Michael Rydman of Carisk cites the opioid epidemic and mental health conditions as two major reasons why some claims turn uncontrollable.
Risk & Insurance® interviewed Michael Rydman regarding his recent move to Carisk Partners as senior vice president of sales.
R&I: What aspects of the new role attracted you to the position?
Michael Rydman: The Carisk team and I share a common interest in addressing the unmet needs of patients with severe and complex work-related injuries.
Carisk’s Pathways 2 Recovery offering is potentially the most comprehensive program and infrastructure in the industry that is differentiated by its foundation in behavioral health. I am impressed by the senior leadership team and their approach in truly partnering within the industry to drive improved outcomes based on individualized client and patient needs.
What appealed to me most is the patient-centered culture and entrepreneurial spirit of this fast-growing company and I cannot wait to be a part of the team.
R&I: What are your goals in this new position?
Rydman: As senior vice president of sales, I am leading client relationship management, with a focus on expanding Acute and Non-Acute Risk Transfer and Pathways 2 Recovery programs.
My main goals are to understand what each client’s specific needs are and to solve their most challenging problems, such as managing a complex claim with underlying behavioral health components.
Through this, I hope to help establish Carisk’s position as a leader and agent of change in the workers’ comp marketplace and to positively impact patients’ lives at the same time.
R&I: Why do you think you got the role? In other words, what skills, talents or capabilities earned you the role?
According to Tom Downey, executive vice president at Carisk Partners:
“Michael is an industry veteran with over 15 years of experience in sales and account management specifically for acute, catastrophic and complex case management services for traumatic injuries and chronic pain management.
“We knew he’d be a strong fit to service our key accounts in the risk transfer business and appreciated Michael’s passion to make a difference in work comp. There has been a paradigm shift in this industry to provide a more comprehensive approach, and when we met with Michael we could see he shared our vision for solving the ever-changing needs.”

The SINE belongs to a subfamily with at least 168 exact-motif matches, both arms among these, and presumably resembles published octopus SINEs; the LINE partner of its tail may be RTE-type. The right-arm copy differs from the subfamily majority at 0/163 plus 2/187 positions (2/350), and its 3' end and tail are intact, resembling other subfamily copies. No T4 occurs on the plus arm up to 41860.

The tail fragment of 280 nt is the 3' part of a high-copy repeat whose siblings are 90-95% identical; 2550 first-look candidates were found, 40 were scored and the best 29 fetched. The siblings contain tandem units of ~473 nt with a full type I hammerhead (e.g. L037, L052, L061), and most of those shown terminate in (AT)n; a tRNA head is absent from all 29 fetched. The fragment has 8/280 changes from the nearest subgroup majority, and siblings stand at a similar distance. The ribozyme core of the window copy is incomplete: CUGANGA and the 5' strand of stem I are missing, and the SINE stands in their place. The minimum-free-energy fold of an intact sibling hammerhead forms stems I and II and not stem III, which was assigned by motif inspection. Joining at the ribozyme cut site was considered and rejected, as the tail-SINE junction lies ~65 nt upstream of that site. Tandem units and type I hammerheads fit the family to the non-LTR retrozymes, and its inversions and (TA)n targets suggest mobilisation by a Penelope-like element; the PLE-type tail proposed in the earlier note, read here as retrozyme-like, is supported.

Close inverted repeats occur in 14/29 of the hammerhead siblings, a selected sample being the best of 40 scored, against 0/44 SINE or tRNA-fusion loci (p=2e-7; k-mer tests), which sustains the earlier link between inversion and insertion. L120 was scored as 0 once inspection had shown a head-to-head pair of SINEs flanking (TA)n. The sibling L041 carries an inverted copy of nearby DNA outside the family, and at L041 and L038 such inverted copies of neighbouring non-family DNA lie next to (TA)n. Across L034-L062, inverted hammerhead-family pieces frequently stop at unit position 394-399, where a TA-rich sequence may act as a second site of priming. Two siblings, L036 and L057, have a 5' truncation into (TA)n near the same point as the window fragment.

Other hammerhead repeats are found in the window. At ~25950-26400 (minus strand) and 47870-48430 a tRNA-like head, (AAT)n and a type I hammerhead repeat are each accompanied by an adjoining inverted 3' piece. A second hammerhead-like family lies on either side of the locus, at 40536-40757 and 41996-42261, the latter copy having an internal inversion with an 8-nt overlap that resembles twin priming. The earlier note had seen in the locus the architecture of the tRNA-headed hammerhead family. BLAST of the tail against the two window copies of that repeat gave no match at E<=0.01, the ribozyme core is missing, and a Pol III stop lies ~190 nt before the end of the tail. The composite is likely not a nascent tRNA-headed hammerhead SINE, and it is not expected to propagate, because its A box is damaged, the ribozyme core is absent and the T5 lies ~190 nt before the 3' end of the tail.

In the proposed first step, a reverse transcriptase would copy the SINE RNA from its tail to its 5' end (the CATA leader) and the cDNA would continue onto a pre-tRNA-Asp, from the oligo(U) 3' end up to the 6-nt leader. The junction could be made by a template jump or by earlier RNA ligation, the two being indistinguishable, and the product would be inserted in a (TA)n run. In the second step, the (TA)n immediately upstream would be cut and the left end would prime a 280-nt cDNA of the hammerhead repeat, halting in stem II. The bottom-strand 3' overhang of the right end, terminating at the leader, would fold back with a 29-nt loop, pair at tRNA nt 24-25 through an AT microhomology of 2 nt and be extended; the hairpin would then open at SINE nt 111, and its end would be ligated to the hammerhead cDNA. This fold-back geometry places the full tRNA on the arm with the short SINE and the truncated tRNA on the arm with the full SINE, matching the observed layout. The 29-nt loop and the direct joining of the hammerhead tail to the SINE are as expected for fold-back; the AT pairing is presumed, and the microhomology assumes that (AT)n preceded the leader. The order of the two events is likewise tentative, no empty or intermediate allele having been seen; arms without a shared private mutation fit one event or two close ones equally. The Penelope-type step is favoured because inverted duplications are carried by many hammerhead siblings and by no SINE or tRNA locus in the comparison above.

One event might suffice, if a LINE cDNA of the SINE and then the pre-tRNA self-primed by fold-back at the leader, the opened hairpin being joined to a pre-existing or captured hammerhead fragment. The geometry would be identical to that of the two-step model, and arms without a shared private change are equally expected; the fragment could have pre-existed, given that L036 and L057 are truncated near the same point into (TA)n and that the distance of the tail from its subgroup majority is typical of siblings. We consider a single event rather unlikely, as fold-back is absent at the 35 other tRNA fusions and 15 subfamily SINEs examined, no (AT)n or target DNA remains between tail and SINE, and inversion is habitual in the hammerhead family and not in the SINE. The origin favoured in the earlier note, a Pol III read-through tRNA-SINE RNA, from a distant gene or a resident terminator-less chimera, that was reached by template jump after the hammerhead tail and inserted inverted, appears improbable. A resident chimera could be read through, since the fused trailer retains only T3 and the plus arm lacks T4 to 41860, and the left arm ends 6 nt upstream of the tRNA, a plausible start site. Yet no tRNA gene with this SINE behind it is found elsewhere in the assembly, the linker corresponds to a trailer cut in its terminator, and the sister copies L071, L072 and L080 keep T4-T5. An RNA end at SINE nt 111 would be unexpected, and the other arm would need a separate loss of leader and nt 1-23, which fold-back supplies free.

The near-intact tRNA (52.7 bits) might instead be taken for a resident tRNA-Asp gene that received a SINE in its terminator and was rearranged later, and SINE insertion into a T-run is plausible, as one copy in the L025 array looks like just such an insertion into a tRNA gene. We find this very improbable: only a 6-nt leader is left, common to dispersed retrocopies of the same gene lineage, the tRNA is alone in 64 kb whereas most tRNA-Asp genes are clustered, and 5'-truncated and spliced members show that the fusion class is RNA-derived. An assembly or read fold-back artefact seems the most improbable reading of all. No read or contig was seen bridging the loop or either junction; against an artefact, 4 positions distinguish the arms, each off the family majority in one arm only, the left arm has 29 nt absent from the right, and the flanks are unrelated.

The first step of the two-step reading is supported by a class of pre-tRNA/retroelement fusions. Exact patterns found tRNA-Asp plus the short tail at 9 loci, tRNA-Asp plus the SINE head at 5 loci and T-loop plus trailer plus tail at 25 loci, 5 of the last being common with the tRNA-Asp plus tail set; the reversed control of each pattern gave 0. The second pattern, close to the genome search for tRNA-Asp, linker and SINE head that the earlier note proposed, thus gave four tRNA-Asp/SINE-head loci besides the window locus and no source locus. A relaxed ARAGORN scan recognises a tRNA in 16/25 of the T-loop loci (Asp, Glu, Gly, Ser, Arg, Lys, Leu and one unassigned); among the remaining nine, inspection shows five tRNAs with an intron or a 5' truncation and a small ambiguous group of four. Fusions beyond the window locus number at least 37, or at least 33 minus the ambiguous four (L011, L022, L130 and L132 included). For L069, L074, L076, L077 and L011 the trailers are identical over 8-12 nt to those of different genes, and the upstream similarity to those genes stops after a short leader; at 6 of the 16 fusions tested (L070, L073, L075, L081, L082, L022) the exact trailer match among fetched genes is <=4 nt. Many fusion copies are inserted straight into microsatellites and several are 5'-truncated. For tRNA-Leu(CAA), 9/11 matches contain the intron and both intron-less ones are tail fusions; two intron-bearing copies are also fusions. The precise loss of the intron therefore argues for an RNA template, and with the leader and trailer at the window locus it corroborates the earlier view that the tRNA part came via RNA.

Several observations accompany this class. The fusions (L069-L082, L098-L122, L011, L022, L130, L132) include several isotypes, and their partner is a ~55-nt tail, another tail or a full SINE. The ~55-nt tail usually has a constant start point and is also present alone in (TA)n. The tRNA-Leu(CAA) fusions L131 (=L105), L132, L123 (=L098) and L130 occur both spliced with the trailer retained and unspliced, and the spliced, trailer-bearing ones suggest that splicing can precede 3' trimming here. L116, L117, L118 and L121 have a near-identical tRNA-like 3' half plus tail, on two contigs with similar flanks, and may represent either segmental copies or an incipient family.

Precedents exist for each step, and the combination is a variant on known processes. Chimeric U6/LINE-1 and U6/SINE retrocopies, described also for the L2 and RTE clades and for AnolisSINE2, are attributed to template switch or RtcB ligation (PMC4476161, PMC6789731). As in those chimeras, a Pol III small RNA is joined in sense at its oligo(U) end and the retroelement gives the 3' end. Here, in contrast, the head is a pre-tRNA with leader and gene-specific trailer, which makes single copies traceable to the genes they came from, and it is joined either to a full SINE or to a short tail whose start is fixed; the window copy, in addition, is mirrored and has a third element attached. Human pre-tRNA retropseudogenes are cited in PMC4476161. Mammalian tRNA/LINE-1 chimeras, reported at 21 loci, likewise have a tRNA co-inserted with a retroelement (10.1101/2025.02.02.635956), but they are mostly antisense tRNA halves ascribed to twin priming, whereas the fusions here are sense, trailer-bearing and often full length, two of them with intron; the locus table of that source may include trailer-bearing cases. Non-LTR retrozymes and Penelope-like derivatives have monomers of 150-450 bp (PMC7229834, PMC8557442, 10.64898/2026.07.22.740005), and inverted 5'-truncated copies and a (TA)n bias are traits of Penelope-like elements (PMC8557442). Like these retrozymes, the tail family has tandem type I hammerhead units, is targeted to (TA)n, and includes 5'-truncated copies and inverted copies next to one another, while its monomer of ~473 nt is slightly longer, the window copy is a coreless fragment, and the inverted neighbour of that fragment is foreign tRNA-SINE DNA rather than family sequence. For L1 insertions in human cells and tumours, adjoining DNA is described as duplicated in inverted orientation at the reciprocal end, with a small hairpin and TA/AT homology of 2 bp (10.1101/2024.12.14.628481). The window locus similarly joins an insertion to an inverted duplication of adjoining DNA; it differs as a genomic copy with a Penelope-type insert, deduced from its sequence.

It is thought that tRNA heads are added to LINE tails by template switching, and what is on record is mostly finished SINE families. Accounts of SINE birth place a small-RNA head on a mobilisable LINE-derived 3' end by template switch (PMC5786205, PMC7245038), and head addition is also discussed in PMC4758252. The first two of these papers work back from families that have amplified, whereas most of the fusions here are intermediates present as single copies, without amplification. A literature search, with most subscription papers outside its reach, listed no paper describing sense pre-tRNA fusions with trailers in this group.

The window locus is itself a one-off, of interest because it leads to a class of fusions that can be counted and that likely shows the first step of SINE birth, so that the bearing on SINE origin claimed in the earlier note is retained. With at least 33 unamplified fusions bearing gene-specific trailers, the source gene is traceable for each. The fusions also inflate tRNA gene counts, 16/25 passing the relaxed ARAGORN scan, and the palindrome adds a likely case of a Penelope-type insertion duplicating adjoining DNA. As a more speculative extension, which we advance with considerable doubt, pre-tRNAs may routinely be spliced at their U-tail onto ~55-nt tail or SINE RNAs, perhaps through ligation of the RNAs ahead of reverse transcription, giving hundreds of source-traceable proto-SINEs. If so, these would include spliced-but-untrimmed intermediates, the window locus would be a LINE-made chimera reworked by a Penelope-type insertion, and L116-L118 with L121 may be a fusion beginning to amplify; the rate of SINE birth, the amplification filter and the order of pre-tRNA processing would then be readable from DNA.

R&I: What will be the biggest challenges for you in this new position?
Rydman: Nearly every catastrophic claim has a pain component and delayed recovery is the biggest challenge.
There needs to be an acknowledgement of the underlying issues which exist to close the claim or improve return to work/function time.
Among people I speak with, there is already a heightened awareness of opioid and substance use-related issues, especially when treating chronic pain. But even with heightened awareness, injured workers are still prescribed long-term painkillers with no predetermined care plan.
One-in-five American adults suffers from a mental health condition that impacts their daily life with stress, anxiety and depression among the most prevalent for injured workers.
Companies have often feared “buying the psych diagnosis” which is understandable.
However, if left untreated this can all render a potentially straightforward claim nearly uncontrollable, resulting in poor outcomes, longer return to work time frames, increasing cost over time and lack of claims closure. Each client is different in their needs and unfortunately, they have lower expectations for a comprehensive and flexible offering that compliments the components they already have in place to solve for these issues.
R&I: How did you first come to work in this industry? What do you like best about your job?
Rydman: In 1989, I broke into the health care industry in the mail room of an insurance company in San Diego.
Eventually, I advanced to become a claims adjuster for that company. What I love most about my job is establishing trust between the company and its customers.
Carisk takes on the trust of its clients and patients to make decisions and create care plans that empower them. I like that we become a bridge bringing the client and patients closer in their combined goals and long-term success.
R&I: What are the biggest challenges facing your industry or profession?
Rydman: The workers’ compensation industry is complex.
Companies have become most effective in addressing measurable and quantifiable aspects of an injury. What they often forget is that we are not only dealing with the physical injury, but also the psycho-social consequences of the injury.
In parallel, you have the complexities of state specific guidelines, requirements and protocols. We have a great opportunity to increase awareness that there is a comprehensive, compliant program available which overcomes the barriers concerning behavioral health diagnosis for workers’ comp injuries in the Pathways 2 Recovery offering from Carisk. &